They are proud, protective and passionate, and they speak out with their strong, robust voices. Every day a little more changes in the neighborhood, but the chickens always adapt. This is their home, and as they grow with their surroundings, they know that they are where they belong - the place where they are always able to find their way back. Because when together, they’re home.
Mylo Mendez of Chroma Collective
This mural is a collaboration between Chroma Collective and the young artists of Govalle Elementary. Three Sisters represents the indigenious gardening system of planting squash, corn, and beans together. Using this method, the qualities of each plant serve the other, protecting each other from pests and sun and nourishing the soil. As a metaphor for community, Three Sisters features imagery of plants and people existing in harmony, and the motto “plant seeds of kindness” as a nod to the community that exists both at Govalle Elementary and the Govalle neighborhood as a whole.
The journey of this mural begins with the PODER (People Organized in Defense of Earth and Her Resources) organization’s dedication and persistence to have the tank farms, which contaminated families and neighborhoods, relocated. It highlights “planting the seeds” and how strong the community fought to successfully preserve the Pecan Tree Grove.
Families have been seen for decades collecting pecans during the harvest season at the grove, which also serves as a cornerstone year round. The mural transitions to the fluorescent flowers and ballet folklorico dancer, depicting where the community would celebrate victories at Fiesta Gardens. All of these instances together create a common denominator which equals belief in family - a group of people united.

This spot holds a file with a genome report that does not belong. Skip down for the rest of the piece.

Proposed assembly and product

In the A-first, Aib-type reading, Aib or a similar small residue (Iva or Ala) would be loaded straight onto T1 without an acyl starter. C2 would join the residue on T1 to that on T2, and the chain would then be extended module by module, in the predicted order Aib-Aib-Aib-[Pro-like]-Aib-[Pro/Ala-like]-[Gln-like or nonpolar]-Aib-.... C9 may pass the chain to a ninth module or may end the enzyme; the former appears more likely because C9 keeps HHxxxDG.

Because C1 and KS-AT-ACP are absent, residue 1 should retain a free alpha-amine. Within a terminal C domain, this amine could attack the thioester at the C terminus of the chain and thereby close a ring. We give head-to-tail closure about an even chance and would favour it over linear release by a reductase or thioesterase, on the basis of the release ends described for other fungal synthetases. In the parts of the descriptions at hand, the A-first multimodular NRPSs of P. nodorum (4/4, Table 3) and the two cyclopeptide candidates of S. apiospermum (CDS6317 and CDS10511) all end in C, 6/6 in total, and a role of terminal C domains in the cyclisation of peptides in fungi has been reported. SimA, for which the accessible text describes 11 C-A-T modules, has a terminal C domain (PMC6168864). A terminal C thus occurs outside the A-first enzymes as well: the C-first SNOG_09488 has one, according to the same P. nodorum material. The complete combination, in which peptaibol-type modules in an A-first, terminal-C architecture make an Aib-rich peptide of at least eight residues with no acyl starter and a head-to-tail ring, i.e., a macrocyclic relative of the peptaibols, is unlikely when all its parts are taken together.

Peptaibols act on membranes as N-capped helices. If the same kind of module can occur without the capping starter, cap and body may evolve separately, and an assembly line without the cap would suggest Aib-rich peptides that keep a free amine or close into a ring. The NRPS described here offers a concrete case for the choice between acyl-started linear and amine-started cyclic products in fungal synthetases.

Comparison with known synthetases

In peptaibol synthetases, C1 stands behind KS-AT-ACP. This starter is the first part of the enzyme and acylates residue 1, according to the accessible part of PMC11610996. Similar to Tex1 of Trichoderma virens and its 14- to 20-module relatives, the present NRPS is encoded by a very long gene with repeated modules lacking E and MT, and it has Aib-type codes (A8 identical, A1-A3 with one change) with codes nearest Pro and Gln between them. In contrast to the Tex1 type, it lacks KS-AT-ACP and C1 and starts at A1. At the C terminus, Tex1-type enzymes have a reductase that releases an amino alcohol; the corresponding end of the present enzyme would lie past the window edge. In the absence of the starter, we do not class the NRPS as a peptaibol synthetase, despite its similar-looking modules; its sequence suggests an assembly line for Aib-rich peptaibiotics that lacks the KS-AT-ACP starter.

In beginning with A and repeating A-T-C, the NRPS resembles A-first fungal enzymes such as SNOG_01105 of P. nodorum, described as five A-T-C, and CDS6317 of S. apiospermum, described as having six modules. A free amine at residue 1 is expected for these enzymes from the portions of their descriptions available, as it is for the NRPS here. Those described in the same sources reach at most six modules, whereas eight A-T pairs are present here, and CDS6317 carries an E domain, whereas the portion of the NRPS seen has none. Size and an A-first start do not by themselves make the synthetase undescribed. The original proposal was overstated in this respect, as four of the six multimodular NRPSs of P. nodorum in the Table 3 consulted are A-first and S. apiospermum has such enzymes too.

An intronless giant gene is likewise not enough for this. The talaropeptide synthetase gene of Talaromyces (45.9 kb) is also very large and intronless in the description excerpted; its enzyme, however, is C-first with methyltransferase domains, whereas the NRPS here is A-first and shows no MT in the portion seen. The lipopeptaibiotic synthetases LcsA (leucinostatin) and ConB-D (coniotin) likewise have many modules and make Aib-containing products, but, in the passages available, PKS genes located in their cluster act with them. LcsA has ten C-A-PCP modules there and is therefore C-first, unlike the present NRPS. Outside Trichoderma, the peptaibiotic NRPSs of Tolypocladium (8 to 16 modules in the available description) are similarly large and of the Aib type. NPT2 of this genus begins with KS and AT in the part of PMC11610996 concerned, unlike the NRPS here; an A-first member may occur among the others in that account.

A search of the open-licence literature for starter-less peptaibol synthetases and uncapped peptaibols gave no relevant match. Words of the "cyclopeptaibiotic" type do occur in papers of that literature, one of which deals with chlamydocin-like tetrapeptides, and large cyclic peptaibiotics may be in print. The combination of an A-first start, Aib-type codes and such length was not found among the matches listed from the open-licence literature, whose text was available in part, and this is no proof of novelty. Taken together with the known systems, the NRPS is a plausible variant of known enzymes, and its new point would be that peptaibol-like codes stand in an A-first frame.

The front of this seemingly random doorway tells a story of how the Govalle neighborhood and East Austin is often perceived: fun, hip, interesting shops, unique local art, and quirky restaurants. But when you unlatch this door you find what is often lost - the people, history and development of this area.
Written on the inside of the door is a depiction of the 1928 Austin City Plan (page 57) that lays out a government sponsored scheme to segregate the African American population in East Austin:
“It is our recognition that the nearest approach to race segregation problem will be the recommendation of this district as a negro’s district and that all the facilities and conveniences be provided the negros in this district as an incentive to draw the negro population to this area. This will eliminate the necessity of duplication of white and black schools, white and black parks, and other duplicate facilities for this area.”
Samara Barks created this piece honoring the three founders (Janie Rangel, Sylvia Harrera, and Susana Almanza) of PODER, a women of color and community-led grassroots environmental justice organization. This mural is centered around hope for future generations of East Austin.
The left side of the wall illustrates the protests and the despair that living near the tank farms brought. The middle shows the three founders of PODER and the hope they brought to their community. The right side shows the youth, symbolizing the future generations that will reap the benefits of what PODER and its members have done and continue to do.
Catie focused on the development of the Govalle neighborhood, which started in the 1850’s by a Swedish cattle rancher. This design features Texas’ iconic longhorns and wildflowers, purposefully done in warm, inviting colors to reflect the welcoming energy of the East Austin neighborhood.
The term “Go Valle” is Swedish for “good grazing,” which is why the artist incorporated all of the natural greenery into the piece. Catie says, “My hope is that viewers can see the colorful scene as a window or portal into the past, as if you’re looking directly into ‘what once was’ as you drive down Bolm Road.” It even continues with the depiction of the Bantam chickens featured in other murals along the road.